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J Ophthalmic Vis Res. 2014 Jul-Sep;9(3):362-73. doi: 10.4103/2008-322X.143378.

Diabetes and retinal vascular dysfunction.

Author information

1
Department of Ophthalmology and Visual Sciences, University of Wisconsin School of Medicine and Public Health, Madison, WI, USA.
2
Department of Pediatrics, University of Wisconsin School of Medicine and Public Health, Madison, WI, USA ; McPherson Eye Research Institute, University of Wisconsin School of Medicine and Public Health, Madison, WI, USA.
3
Department of Ophthalmology and Visual Sciences, University of Wisconsin School of Medicine and Public Health, Madison, WI, USA ; McPherson Eye Research Institute, University of Wisconsin School of Medicine and Public Health, Madison, WI, USA.

Abstract

Diabetes predominantly affects the microvascular circulation of the retina resulting in a range of structural changes unique to this tissue. These changes ultimately lead to altered permeability, hyperproliferation of endothelial cells and edema, and abnormal vascularization of the retina with resulting loss of vision. Enhanced production of inflammatory mediators and oxidative stress are primary insults with significant contribution to the pathogenesis of diabetic retinopathy (DR). We have determined the identity of the retinal vascular cells affected by hyperglycemia, and have delineated the cell autonomous impact of high glucose on function of these cells. We discuss some of the high glucose specific changes in retinal vascular cells and their contribution to retinal vascular dysfunction. This knowledge provides novel insight into the molecular and cellular defects contributing to the development and progression of diabetic retinopathy, and will aid in the development of innovative, as well as target specific therapeutic approaches for prevention and treatment of DR.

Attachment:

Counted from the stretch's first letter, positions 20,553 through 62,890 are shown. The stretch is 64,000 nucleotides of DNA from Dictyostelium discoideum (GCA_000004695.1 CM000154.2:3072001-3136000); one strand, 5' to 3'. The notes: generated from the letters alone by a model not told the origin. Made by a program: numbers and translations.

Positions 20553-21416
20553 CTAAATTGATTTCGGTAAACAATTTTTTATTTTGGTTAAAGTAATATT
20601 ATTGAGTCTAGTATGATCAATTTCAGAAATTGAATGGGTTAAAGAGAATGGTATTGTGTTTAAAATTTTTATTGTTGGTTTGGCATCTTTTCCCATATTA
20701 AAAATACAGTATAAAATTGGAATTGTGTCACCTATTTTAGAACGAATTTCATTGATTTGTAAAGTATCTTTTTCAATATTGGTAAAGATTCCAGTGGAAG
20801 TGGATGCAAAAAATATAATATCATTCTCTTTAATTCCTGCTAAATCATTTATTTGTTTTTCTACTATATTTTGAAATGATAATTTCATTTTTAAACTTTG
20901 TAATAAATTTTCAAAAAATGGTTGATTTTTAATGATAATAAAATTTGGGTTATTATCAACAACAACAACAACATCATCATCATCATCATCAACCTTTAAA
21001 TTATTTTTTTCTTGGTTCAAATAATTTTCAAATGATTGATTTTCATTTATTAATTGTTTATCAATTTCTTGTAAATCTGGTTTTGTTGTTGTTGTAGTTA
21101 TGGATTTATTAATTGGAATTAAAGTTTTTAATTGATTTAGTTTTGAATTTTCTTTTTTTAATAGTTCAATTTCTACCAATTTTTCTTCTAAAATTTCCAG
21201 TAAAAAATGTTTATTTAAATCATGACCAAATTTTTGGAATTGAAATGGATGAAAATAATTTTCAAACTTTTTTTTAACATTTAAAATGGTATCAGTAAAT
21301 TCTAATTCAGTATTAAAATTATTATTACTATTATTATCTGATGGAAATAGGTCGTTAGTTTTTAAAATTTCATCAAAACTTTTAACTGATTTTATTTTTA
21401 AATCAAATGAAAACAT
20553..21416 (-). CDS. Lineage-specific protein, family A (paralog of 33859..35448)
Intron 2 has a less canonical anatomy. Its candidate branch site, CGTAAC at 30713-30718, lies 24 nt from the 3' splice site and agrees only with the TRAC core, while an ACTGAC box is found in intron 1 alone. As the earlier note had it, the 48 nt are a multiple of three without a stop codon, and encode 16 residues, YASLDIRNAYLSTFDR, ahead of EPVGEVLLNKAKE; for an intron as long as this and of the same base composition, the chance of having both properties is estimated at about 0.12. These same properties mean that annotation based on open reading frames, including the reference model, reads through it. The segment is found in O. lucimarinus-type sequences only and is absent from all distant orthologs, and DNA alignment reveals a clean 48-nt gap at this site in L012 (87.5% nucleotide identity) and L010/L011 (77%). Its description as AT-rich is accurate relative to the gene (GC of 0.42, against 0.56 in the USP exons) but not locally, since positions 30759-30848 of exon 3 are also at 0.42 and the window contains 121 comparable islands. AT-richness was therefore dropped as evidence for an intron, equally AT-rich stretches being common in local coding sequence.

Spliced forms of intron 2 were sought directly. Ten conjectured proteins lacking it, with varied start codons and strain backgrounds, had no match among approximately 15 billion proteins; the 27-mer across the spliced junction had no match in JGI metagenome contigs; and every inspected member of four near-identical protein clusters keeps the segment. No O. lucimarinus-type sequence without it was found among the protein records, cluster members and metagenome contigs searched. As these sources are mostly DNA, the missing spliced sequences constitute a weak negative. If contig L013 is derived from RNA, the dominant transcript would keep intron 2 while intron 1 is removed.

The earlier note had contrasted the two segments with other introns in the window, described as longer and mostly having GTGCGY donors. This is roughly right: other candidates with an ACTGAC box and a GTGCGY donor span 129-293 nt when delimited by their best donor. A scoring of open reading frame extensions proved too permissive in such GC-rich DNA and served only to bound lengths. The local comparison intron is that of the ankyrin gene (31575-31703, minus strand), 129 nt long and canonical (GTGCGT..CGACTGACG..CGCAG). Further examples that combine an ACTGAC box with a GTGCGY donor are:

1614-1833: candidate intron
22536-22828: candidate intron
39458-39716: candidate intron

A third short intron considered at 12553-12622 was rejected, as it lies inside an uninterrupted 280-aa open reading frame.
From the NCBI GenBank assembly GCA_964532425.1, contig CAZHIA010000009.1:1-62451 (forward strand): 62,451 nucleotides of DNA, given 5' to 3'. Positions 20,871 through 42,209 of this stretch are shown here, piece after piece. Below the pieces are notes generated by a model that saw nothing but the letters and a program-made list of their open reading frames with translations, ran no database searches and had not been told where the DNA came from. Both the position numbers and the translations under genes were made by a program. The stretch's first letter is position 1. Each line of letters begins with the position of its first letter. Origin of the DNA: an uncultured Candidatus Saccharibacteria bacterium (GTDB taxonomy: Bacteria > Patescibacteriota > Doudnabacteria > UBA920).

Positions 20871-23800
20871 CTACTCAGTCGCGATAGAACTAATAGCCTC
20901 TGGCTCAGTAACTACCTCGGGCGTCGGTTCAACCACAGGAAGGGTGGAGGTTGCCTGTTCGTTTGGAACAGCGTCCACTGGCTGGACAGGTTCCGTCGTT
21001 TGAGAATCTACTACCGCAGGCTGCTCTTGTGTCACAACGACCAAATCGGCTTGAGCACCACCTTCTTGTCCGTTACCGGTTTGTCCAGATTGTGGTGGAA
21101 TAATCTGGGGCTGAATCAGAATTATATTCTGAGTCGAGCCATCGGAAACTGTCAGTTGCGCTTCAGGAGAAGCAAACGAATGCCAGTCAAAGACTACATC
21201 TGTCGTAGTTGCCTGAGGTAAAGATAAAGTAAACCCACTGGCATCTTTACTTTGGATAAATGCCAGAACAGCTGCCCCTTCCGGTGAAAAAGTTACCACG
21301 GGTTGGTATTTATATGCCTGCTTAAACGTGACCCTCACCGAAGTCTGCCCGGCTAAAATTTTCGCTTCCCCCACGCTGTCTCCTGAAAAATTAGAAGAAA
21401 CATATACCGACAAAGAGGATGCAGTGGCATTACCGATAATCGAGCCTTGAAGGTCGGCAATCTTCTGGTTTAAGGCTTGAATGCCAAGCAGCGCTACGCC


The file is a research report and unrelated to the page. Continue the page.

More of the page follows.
KEYWORDS:

Diabetes; Inflammation; Oxidative Stress; Retinal vasculature; Thrombospondins

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